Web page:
The United Nations observed on Monday the International Day of the World’s Indigenous People with a focus on the threat of HIV/AIDS.
A commemorating event, organized by the UN Permanent Forum on Indigenous Issues in cooperation with the NGO Committee on the International Decade of the World’s Indigenous Peoples and the New York office of the High Commissioner for Human Rights, was held atUN Headquarters.
“Indigenous peoples are more likely to suffer from extreme poverty, geographical isolation, political marginalization, lack of access to adequate health care,” UnderSecretary-General for Economic and Social Affairs Sha Zukang told UN officials and indigenous representatives attending the event.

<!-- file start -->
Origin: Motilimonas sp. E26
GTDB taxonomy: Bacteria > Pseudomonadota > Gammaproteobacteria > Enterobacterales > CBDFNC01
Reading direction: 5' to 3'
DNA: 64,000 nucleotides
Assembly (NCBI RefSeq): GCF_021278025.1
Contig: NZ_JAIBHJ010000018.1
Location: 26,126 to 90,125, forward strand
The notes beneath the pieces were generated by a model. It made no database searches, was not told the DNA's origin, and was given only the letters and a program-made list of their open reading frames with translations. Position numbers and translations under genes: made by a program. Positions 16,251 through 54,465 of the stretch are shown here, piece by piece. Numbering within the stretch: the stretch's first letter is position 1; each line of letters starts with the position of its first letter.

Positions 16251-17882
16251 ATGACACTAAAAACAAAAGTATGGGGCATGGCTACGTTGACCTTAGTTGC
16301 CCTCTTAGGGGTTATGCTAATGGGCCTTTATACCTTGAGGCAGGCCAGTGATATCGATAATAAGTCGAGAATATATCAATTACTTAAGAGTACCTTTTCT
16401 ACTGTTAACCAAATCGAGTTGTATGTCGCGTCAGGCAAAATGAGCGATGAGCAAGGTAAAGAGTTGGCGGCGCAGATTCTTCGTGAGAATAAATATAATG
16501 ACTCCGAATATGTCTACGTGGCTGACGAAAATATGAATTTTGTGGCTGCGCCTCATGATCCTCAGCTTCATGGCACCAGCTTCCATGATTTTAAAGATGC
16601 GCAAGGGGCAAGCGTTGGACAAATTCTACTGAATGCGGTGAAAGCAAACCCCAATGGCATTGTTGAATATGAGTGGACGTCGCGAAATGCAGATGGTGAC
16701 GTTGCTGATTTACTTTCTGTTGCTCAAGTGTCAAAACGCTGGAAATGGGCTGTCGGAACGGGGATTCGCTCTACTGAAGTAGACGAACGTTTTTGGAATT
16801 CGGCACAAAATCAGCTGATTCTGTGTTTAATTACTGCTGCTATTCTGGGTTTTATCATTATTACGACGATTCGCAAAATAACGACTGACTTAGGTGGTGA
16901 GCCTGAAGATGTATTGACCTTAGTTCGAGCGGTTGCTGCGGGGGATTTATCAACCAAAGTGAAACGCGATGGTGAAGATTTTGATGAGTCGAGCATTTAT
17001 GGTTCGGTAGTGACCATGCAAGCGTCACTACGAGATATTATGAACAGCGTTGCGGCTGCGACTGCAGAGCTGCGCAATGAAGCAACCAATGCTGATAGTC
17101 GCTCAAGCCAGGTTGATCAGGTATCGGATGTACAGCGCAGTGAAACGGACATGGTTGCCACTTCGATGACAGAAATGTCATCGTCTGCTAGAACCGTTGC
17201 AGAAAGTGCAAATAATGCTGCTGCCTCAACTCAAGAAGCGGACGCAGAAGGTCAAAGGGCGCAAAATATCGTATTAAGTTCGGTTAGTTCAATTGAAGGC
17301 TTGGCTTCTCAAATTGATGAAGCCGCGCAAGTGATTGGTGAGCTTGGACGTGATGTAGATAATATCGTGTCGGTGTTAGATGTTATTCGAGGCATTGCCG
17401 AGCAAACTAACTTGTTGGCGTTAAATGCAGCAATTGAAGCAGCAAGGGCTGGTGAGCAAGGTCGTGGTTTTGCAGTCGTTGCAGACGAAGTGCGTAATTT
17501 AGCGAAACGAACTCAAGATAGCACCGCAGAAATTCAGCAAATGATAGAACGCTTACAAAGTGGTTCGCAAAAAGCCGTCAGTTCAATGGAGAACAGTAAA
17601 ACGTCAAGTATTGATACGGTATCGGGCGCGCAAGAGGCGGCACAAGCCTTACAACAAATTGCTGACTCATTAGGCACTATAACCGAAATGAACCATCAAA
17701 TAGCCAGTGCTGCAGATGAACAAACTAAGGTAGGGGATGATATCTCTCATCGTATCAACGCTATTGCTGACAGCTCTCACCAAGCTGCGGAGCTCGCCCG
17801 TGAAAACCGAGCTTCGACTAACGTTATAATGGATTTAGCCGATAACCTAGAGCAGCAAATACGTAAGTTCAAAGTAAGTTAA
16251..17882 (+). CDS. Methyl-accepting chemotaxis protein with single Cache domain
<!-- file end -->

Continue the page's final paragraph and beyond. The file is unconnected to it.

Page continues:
“All of these factors influence the manner of which the HIV/AIDS manifests itself among indigenous peoples,” Sha said.
He urged member states, the UN system and the international community at large “not to let the pandemic of HIV/AIDS be yet another area of exclusion and marginalization suffered by the world’s indigenous peoples.”
In a message to mark the day, UN Secratary-Gneral Ban Ki-moon also emphasized the vulnerability of indigenous peoples to HIV/AIDS, noting that, “it is essential that indigenous peoples have access to the information and infrastructure necessary for detection, treatment and protection.”
On December 23, 1994, the UN General Assembly adopted a resolution to designate August 9 the International Day of the World’s Indigenous People.